We remember from last week that Jesus did not proclaim his resurrection to Mary in the garden by telling her what happened to him, but rather by inviting something new of her. Here once again, Jesus doesn’t proclaim his resurrection by sharing with Thomas what happened to him, but by inviting something new of him. And Thomas yearns for that, that “passing over” from bondage and pain into a place of freedom and joy. That’s the paschal mystery right there. Thomas understands that the resurrection isn’t just about what God did to Jesus, but about what Thomas is being asked to do and become. Rather than the typical descriptor of Thomas of “Doubting”, I think “Wise and Insightful Thomas” is more apt. He turns into a new way of life, just as Mary did.
Thomas is also very courageous. It’s hard to make that turn toward new life, as we probably all know. The other disciples had been gathered in fear and, upon seeing the risen Christ, were satisfied with the feeling of peace they were now experiencing. Thomas, on the other hand, was sorting out which questions to ask to make the resurrection real to him and all of humanity. He understood that everlasting peace would only truly come when he turned, and made the choice to enter the wounds and find new life.
In Caravaggio’s famous portrayal of this scene, the risen Christ, still bearing the wounds of Jesus’ crucifixion, stands to the left, chest bared, drawing Thomas’s hand into his wound as two other disciples look on. It is an intimate scene: Christ bows his head over Thomas’ hand, gazing at Thomas as he pulls him toward his wound; Thomas leans in, brow furrowed, the other disciples standing so close behind him they threaten to topple him straight into Jesus. Yet Thomas seems about to tumble into the wound of his own accord. He is doing more than merely looking where Christ leads him; his whole being is absorbed in wonder. We can almost hear Thomas’ inner-most thoughts – There’s another world in there.
Yes, there is another world in there, in that place of redemption of the worst that we have felt or done or had done to us. Thomas sees it and makes it real for us. It is a space that is often sealed and hidden away from explanation. We often describe this other world as a “thin place”, where the veil between the human and the divine is permeable. We often surrender to this other world when we rest into contemplative prayer, or when we receive the body of Christ at the altar rail, or when we are the body of Christ in our world, or when a cross is made upon our forehead with blessed oil and we are marked as Christ’s own forever. It takes courage to go into this other world, a world not entered into through rationality or an extensive study of Christian doctrine. It takes a brave heart ready to name the brokenness and to be healed. Thomas was not asking for concrete proof of the resurrection in asking to see Jesus’ wounds. Thomas wants to enter into the mystery and he’s looking for the passageway. Thomas wants to move from survival, and lugging his old wounds along with him, to living deeply, to allowing his being to be redefined in the glory of the risen Christ’s new life.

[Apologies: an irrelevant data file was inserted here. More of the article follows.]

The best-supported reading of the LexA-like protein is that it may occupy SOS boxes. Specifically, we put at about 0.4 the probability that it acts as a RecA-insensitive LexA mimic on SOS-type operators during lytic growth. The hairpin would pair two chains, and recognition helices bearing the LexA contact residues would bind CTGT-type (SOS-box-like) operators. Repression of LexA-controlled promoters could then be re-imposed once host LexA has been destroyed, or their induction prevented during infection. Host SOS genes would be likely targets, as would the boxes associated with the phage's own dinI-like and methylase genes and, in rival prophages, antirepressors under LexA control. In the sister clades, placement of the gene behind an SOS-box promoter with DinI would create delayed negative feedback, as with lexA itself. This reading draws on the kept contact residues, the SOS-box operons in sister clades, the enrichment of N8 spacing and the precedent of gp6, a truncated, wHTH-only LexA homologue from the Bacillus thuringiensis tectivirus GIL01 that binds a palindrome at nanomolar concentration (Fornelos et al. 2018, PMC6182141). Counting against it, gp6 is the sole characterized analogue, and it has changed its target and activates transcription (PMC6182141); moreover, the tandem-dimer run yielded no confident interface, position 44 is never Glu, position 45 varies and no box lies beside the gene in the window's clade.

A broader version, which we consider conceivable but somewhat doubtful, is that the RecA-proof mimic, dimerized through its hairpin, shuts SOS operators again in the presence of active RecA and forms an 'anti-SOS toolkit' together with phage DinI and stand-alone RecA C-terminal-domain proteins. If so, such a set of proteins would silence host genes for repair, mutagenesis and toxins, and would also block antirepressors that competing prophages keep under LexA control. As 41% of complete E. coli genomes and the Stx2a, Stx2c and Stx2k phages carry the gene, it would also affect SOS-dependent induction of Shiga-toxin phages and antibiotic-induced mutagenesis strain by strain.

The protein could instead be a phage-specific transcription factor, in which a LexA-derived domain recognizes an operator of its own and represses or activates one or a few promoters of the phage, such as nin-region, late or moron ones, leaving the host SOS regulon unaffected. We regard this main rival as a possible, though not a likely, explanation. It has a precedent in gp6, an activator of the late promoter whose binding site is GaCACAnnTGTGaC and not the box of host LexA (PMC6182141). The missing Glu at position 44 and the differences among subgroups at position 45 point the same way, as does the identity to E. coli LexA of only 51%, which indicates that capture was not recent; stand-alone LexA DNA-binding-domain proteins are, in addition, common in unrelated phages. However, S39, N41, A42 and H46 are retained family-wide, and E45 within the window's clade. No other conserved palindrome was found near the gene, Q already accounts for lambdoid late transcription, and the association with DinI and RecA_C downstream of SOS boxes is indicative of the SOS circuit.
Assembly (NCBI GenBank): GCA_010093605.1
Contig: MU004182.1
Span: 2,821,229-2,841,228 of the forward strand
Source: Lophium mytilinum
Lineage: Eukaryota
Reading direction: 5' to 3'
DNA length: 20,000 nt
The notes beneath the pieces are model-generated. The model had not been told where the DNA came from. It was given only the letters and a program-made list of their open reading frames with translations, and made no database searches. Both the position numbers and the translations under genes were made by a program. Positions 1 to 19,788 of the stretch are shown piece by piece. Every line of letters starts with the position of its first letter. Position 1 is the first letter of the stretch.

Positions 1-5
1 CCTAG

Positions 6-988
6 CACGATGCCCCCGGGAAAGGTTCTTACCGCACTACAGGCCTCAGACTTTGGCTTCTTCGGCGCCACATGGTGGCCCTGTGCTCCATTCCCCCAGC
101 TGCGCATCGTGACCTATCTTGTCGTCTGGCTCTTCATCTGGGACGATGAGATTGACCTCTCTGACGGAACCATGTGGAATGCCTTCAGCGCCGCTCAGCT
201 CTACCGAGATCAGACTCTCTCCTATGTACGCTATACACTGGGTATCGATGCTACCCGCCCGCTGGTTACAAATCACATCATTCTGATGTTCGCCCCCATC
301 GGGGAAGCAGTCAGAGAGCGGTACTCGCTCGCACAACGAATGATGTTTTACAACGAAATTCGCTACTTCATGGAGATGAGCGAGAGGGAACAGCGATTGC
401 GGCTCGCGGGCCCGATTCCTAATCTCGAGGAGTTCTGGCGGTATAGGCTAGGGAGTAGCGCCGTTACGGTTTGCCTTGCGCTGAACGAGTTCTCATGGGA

“Reach out your hand and put it in my side” was Jesus’ invitation to Thomas, a question that recalls another Jesus posed to those who needed to be healed during his earthly ministry: “Do you want to be made well?” “Do you really want this thing I am offering you?” If so, “Reach out your hand and it will be yours.”
With the same tenderness with which he spoke to Mary in the garden, with the same imploring eyes, with the same loving heart which now filled the room with peace and safety, we can hear Jesus’ sweet yet challenging words to Thomas, “Reach out your hand, let me guide it into my wounds, let me give you what you need to move from unbelieving to believing.” Maybe it was not so much touching Jesus’ wounds but Jesus’ generous offer to do so that convinced Thomas to believe.
Maybe Thomas just needed to know that Jesus’ resurrection was for him. Maybe Thomas needed to know that he was brave enough to “reach out his hand and touch Jesus’ wounds” in order to pass-over into the new life suddenly offered to him.
Maybe we just need to know that Jesus’ resurrection happened for us too. Maybe we need to know that we too can be brave enough to allow Jesus to touch our own wounds, so that we may pass-over into that new life offered to us.
When we shout “Alleluia” we are not just celebrating what God did with Jesus’ dead body which lay in the tomb. We are celebrating what Mary and Thomas knew, that the proclamation, the evidence if you prefer, of the resurrection shows up not in the sightings of the Risen Christ, (though it must have been reassuring to the disciples in the sealed room,) but in our hearts and lives when we accept the invitation to allow something new to be born within us. Thomas shows us today that new birth comes out of our wounds. This is what God is asking of us, “Reach out your hand. Touch your wounds. Let me set you free. Pass-over as Jesus did.” Amen.